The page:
BEAM Letter on Charter Cap Legislation

Senator Sonia Chang-Diaz
Representative Alice Peisch
Co-Chairs, Joint Committee on Education

Dear Sen. Chang-Diaz and Rep. Peisch,

The Joint Education Committee is planning to hold hearings on bills amending the law governing charter schools in Massachusetts.  Some of these bills include provisions to lift the cap on charter schools.  Lifting the cap on charter schools, without changing state funding for charter schools, will further diminish state funding for public, non-charter schools in districts, like Boston, and will undermine the capacity of districts to improve their low performing schools.  The Black Educators’ Alliance of Massachusetts strongly opposes lifting the cap on charter schools without the state assuming greater responsibility for funding its charter schools.

In the last decade, while the city has increased its funding for Boston Public Schools, the state funding has steadily decreased and now constitutes only 13% of the Boston Public Schools budget.  Boston Public Schools is now losing almost $90 million in state funds to charter schools.  Because of the state funding formula, charters schools in Boston receive a disproportionate share of state funding, despite the fact they enroll the lower proportions of students who are English language learners or who have disabilities than Boston Public Schools.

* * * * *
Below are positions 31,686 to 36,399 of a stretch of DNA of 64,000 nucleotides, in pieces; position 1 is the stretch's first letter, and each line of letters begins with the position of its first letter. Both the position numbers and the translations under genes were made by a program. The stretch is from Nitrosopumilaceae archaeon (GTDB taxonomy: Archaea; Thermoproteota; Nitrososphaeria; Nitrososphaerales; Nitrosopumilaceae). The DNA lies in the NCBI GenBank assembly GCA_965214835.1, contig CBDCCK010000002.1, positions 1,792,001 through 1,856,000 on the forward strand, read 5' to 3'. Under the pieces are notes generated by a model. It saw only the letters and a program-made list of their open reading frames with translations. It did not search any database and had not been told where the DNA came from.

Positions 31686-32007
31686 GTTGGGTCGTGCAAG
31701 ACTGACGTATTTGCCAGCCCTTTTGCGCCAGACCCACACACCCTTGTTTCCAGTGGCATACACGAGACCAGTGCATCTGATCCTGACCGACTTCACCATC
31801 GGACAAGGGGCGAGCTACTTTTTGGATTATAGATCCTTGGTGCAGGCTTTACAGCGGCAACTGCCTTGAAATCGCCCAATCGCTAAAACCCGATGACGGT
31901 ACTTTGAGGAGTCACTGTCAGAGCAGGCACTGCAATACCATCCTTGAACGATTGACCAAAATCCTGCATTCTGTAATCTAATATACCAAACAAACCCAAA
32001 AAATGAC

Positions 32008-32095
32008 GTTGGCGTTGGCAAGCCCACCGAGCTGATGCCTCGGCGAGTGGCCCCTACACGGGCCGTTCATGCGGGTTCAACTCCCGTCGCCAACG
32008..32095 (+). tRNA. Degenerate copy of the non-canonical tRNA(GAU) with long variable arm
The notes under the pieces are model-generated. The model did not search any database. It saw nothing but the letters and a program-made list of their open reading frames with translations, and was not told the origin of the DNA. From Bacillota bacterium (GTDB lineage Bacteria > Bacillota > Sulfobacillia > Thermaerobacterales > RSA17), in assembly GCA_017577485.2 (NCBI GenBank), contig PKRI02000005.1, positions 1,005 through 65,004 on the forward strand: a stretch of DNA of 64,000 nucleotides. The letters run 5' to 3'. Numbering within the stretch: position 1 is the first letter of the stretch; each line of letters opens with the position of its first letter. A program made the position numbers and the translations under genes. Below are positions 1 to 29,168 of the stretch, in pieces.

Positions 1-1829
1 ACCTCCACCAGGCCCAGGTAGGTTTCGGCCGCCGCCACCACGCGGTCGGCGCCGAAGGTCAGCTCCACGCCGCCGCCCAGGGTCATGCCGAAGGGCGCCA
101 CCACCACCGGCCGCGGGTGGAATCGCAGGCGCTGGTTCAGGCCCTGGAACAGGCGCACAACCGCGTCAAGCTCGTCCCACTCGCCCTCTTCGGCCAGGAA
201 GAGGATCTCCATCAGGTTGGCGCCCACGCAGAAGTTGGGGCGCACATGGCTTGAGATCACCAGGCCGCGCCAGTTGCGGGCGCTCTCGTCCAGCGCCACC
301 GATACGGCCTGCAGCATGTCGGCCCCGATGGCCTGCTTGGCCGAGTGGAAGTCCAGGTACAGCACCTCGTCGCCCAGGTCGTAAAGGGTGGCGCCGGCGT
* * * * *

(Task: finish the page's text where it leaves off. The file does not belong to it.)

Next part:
The inequity in state funding directly impacts the quality of education in Boston Public Schools, particularly in low performing schools that need sustained, extra support to improve their performance.  The Boston Public Schools budget proposed for 2014-2015 has reduced the budgets for a large number of schools.  Parents and students have complained vociferously at budget hearings about the projected cuts in teachers and support staff that will damage teaching and services for students.

The Black Educators’ Alliance of Massachusetts shares the concern of the state about the continuing achievement gaps persistent in low performing schools in the Commonwealth.  Eliminating achievement and opportunity to learn gaps requires strategies to strengthen the capacity of districts to support low performing public schools.  Equity in state funding is critical.  The state should not lift the cap on charter schools without addressing the funding inequities imposed on districts such as Boston and the disproportionately lower number of English language learners and students with disabilities enrolled in charter schools.


Johnny McInnis
President, BEAM